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When I look in the viewfinder and press the shutter button halfway to autofocus on my Canon EOS 70D, information is displayed at the bottom of the viewfinder (aperture and so on).

Those green numbers stay for about 5 seconds and then disappear.

Is there a way to make them stay longer?

The main issue is when I lock the exposure after metering. It only leaves me 5 seconds to compose the picture and toggle AF again. If I wait longer, the exposure value is lost.

  • Have you looked for this in your 70D Instruction Manual? – Michael C Nov 18 '15 at 1:40
  • @MichaelClark sure I did ;) – mimipc Nov 18 '15 at 9:35
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Some upper tier Canon cameras allow you to set the length of time the viewfinder display remains active when no buttons are pressed. A quick look at the EOS 70D Instruction Manual indicates this is not an option with the 70D. You can adjust the time exposure information is actively displayed while in Live View.

There are a few ways to keep the viewfinder display active for longer:

  • Keep the Shutter Button half pressed. The viewfinder will remain active as long as you do so. If you have locked exposure it will also remain locked as long as you half press the shutter button.
  • Keep the AE Lock button pressed. As long as you hold it down the exposure will remain set at the values current when it was first pressed. This is the case even through multiple exposures.
  • Keep the AF-ON button pressed. As long as it is pressed the viewfinder will remain active. If the AE Lock button was pressed first to lock exposure and you press the AF-ON button while the viewfinder is still active the exposure setting will also remain locked as long as the AF-ON button is pressed.

Of course all of this assumes you have the default values selected for each of the buttons on your camera. If you have used the Custom Controls section of the Custom Functions menu, then you would need to use whatever button has been assigned the above functions.

There are also several ways to use the Custom Controls Menu to allow you to do what you want. Here are just a few of them:

  • Set the shutter button for "Metering Start" only, without AF. This means AF will only be active when you hold down the AF-ON button on the back of the camera. Many refer to this as "back button AF". By separating AF from the half press of the shutter button, you can hold the shutter button halfway down (to keep the viewfinder active and preserve an exposure setting locked in using the Exposure Lock button on the back of the camera) while allowing you to control AF via the AF-ON button. This works particularly well with "One Shot" AF that locks the focus once AF is achieved. Each time you press the AF-ON button the AF will focus again and will then hold that focus setting (even after you release the AF-ON button) while you can recompose.
  • Set the shutter button for "AE Lock (while button is pressed)". This works the same as above, except that metering is done and exposure locked in when you first half-press the shutter. You would also need to press the AF-ON button to use AF. But there is no need to press the AE Lock button at all! If you wish to change the exposure, you only need to release the shutter button and then half-press it again. You can even maintain the exposure lock for multiple exposures as long as you maintain a half-press of the shutter button between the full-press needed to take the photo.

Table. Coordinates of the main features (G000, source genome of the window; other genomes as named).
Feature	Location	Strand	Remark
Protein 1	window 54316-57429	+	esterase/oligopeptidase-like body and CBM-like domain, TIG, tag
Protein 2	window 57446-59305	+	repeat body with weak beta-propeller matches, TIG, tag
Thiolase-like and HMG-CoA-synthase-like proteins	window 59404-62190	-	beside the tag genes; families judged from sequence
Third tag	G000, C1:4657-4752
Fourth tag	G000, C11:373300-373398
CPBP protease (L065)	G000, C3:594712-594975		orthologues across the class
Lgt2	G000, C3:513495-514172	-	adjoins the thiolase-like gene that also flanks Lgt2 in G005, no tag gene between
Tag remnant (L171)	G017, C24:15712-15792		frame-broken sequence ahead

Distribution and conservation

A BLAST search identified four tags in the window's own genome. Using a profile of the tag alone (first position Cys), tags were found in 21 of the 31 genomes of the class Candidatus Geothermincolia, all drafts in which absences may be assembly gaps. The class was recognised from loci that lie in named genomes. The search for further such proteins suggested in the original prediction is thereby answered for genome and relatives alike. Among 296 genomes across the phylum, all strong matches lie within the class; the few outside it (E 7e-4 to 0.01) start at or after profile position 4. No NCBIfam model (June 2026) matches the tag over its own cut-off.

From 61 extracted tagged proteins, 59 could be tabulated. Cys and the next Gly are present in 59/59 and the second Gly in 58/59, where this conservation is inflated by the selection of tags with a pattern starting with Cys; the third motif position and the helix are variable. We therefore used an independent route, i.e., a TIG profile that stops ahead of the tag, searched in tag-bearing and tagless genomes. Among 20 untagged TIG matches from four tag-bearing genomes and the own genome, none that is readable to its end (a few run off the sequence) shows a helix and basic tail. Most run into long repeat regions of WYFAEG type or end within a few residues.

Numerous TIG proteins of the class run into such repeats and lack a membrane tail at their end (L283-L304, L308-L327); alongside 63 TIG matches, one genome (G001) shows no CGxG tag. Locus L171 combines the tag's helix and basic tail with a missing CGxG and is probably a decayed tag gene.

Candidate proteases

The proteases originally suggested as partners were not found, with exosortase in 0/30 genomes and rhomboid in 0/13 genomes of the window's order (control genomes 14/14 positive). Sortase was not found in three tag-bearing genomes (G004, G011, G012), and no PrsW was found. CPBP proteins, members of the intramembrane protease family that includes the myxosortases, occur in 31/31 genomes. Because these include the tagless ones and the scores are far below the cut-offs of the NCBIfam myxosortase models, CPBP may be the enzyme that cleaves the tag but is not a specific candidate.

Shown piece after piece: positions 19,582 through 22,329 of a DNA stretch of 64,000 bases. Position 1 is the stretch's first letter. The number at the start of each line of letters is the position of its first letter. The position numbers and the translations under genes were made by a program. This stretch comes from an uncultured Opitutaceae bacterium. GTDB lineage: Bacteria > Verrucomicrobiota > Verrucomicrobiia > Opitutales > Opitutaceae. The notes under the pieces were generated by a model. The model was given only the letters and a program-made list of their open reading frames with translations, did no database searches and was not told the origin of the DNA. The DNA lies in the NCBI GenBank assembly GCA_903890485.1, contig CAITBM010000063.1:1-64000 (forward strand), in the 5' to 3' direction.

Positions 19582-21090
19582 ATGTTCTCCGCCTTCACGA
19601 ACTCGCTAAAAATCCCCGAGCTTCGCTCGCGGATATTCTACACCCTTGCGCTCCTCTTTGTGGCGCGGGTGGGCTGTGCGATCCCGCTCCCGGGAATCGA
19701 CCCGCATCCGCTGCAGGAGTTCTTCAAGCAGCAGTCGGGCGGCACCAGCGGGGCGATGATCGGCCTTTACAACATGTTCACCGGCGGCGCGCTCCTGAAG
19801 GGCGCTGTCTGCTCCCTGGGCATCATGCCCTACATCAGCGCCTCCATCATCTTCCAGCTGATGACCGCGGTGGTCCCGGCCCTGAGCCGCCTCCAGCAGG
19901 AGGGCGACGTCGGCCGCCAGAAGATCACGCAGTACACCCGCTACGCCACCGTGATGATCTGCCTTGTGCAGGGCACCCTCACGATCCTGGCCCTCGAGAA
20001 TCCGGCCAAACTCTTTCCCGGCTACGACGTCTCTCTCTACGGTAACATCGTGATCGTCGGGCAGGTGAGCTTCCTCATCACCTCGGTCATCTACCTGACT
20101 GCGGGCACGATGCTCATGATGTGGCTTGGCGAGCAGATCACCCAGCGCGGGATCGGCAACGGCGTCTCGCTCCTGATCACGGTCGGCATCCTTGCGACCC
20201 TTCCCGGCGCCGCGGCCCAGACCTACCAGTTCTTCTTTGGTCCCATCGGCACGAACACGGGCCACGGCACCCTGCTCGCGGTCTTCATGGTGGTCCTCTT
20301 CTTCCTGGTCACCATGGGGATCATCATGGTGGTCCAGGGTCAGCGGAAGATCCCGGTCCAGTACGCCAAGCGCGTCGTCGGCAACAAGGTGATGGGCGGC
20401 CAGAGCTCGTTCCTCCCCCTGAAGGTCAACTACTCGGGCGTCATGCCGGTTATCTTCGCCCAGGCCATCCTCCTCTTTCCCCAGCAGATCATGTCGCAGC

• Leave the shutter button as is set by default to "Metering start/AF start" and set the AF-ON button to "AF Stop". This works particularly well with "AI Servo" AF. In this scenario you would press the AE Lock button to set exposure, then depress the shutter button halfway to begin AF. As long as you hold the shutter button halfway the exposure value will remain locked in, AI Servo AF will be active, and the viewfinder will remain on. If you wish to focus and recompose then place the active focus point(s) over the desired target and depress and hold the AF-ON button (that has been converted to AF-OFF) to lock in the focus, and then recompose before fully depressing the shutter button to take the shot. Exposure would not be locked from one frame to the next.
  • Set the AE Lock button to AE Lock (hold). A first press of the button will lock in exposure. A second press of the button will release the exposure lock. The main disadvantage here is that if you have exposure locked in and wish to lock in a different exposure for a different framing you must press the AE Lock button twice to do so. It's also easy to forget exposure is locked after taking a shot and then recomposing and taking another shot of a different scene without pressing the AE Lock button to release the locked exposure value(s)!
  • Thanks for your answer. I've found a way that suits my needs even better. In the Custom Controls section, I use the AE lock button as "AE lock (hold)". That way, AE is locked even in for the next picture. – mimipc Nov 18 '15 at 9:38
  • Yes, AE Lock (hold) has the same effect as holding down the AE Lock button with the default settings. – Michael C Nov 19 '15 at 5:08

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